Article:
Orthodox icon of the Pentecost (3). Copy of an icon of 13th. cent, Mount Athos.
Note: The name of the store in the icon is a watermark. Your icon will NOT have it.
Exaltation of the Holy Cross Icon
Orthodox Icon of the Exaltation of the Holy Cross.
Commemorated September 14th.
After 300 years under the Emperor Constantine the Great (306-337), Life-Creating Cross and the Holy Sepulcher were again discovered and opened for veneration. Desiring to find the Holy Cross, St Constantine sent his mother Helen (May 21), to Jerusalem, giving her a letter to St Macarius, Patriarch of Jerusalem. Upon arrival she gave orders to destroy the pagan temple and the statues in Jerusalem. It was an elderly Hebrew by the name of Jude who showed her that the Cross was buried where the temple of Venus stood.
They demolished temple and began to excavate the ground. Soon the Tomb of the Lord was uncovered. Not far from it were three crosses, a board with the inscription ordered by Pilate, and four nails which had pierced the Lord's Body. To determine which of the three crosses was Jesus crucified, Patriarch Macarius alternately touched the crosses to a corpse. When the Cross of the Lord touched, he came to life.
This con everyone was convinced that the convinced everyone that the Life-Creating Cross was found. A large number of Christians came to venerate the Holy Cross, beseeching St Macarius to elevate the Cross, so that even those far off might reverently contemplate it. The Patriarch with other spiritual leaders raised up the Holy Cross, and the people, cried out Lord have mercy and reverently prostrated before it.
Helen journeyed to other holy places connected with the earthly life of the Jesus, building more than 80 churches, including one at Bethlehem the birthplace of Christ, and on the Mount of Olives where the Lord ascended to Heaven, and at Gethsemane where the Savior prayed before His sufferings and where the Mother of God was buried after her death. Part of the Life-Creating Cross and nails were taken by Helen to Constantinople. Constantine built a large church in honor of the Resurrection of Christ, also including under its roof the Life-Giving Tomb of the Lord and Golgotha.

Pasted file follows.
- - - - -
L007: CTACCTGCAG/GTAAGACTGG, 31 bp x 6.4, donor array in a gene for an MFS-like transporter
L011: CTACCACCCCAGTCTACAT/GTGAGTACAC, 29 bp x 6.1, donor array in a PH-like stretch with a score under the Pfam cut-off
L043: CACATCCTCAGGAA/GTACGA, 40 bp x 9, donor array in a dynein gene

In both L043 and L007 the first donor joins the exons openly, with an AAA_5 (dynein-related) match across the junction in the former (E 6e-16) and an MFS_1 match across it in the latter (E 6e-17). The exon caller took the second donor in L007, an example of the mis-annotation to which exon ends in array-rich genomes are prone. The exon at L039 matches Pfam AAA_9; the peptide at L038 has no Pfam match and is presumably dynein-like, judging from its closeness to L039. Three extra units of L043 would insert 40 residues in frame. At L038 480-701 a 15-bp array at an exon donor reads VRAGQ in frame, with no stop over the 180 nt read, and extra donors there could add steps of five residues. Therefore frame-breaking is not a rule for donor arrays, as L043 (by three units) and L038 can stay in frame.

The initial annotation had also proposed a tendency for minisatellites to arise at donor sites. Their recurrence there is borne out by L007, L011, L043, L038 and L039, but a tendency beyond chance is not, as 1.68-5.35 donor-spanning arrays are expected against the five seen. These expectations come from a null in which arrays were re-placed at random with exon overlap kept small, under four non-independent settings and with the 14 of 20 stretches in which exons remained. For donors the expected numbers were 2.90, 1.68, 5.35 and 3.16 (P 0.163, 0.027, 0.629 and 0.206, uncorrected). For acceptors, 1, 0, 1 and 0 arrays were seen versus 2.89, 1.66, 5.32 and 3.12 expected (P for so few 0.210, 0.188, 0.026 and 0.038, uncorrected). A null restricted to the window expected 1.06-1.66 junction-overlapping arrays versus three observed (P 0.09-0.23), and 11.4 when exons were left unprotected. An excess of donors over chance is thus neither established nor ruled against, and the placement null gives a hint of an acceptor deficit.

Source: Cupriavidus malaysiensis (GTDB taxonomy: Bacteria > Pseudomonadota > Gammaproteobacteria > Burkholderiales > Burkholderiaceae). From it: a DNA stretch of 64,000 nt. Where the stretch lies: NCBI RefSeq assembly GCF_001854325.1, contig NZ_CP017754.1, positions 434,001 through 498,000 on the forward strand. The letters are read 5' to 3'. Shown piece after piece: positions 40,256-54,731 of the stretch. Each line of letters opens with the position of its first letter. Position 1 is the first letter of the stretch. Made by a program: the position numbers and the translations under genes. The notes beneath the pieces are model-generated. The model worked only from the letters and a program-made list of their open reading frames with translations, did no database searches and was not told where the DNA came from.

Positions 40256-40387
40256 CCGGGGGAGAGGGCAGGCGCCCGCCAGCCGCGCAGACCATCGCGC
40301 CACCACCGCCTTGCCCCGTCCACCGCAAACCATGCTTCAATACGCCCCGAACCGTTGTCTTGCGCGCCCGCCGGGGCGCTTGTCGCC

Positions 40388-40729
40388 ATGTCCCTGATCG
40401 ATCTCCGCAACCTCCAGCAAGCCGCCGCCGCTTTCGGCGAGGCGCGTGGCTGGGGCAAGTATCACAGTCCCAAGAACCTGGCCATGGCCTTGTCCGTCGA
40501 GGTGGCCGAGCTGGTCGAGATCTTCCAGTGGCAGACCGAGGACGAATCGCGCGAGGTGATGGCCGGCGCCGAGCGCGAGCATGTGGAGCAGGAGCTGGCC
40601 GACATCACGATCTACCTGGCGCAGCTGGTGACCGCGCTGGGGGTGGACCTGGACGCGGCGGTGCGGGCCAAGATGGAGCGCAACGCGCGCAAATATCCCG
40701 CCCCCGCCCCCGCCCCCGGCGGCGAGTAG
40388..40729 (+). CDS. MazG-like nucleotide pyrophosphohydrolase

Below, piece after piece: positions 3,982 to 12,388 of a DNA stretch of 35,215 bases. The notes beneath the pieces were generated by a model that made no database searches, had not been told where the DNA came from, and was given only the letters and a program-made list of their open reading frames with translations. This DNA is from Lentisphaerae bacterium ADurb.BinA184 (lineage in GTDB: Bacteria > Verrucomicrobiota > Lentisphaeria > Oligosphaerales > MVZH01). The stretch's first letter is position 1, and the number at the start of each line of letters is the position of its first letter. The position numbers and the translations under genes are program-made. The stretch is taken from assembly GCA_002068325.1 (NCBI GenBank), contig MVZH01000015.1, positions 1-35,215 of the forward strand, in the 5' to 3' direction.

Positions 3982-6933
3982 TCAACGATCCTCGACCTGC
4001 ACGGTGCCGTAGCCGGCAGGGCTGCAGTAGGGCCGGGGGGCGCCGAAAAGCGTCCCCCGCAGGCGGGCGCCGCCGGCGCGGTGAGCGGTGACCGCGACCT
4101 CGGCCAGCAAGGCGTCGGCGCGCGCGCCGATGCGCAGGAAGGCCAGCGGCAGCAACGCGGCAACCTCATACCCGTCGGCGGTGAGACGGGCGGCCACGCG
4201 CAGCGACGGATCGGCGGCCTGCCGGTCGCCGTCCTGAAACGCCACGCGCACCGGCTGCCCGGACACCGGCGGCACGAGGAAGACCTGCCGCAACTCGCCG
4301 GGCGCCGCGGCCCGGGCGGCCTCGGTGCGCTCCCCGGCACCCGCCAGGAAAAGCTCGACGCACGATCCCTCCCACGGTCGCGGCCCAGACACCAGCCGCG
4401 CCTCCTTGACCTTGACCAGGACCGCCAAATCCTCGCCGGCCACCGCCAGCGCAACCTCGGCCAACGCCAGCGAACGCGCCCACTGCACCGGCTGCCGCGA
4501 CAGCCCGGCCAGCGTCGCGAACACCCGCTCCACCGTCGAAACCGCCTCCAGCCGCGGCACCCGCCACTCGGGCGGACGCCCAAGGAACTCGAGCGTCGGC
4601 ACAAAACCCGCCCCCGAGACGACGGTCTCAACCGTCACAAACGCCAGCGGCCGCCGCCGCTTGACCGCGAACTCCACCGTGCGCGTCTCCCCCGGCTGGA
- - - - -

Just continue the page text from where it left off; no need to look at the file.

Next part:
The temple was constructed in about ten years. St Helen fell asleep in the Lord before the dedication of the temple. The church was consecrated on September 13, 335. On the following day, September 14, the festal celebration of the Exaltation of the Venerable and Life-Creating Cross was established.
Sunday of the Forefathers icon (1)
Orthodox icon of the Forefathers of our Savior Jesus Christ. Icon of Andrei Rublev, 14 cent.
Comemmorated the Sunday of the Forefathers.
Sunday of the Forefathers icon (2)
Orthodox icon of the the Forefathers of our Lord Jesus Christ (2). Copy of an icon of 13th cent., Mount Athos.
Triumph of Orthodoxy icon
Orthodox icon of the Triumph of the Orthodoxy, Sunday of the Orthodoxy.
Celebrated the first Sunday of the Great Lent.
Deposition from the Cross icon (3)
Orthodox icon of the Deposition from the Cross, Apokathilosis (2). Copy of an icon of 13 cent.
Feast Day: Holy Friday
Holy Trinity icon (4)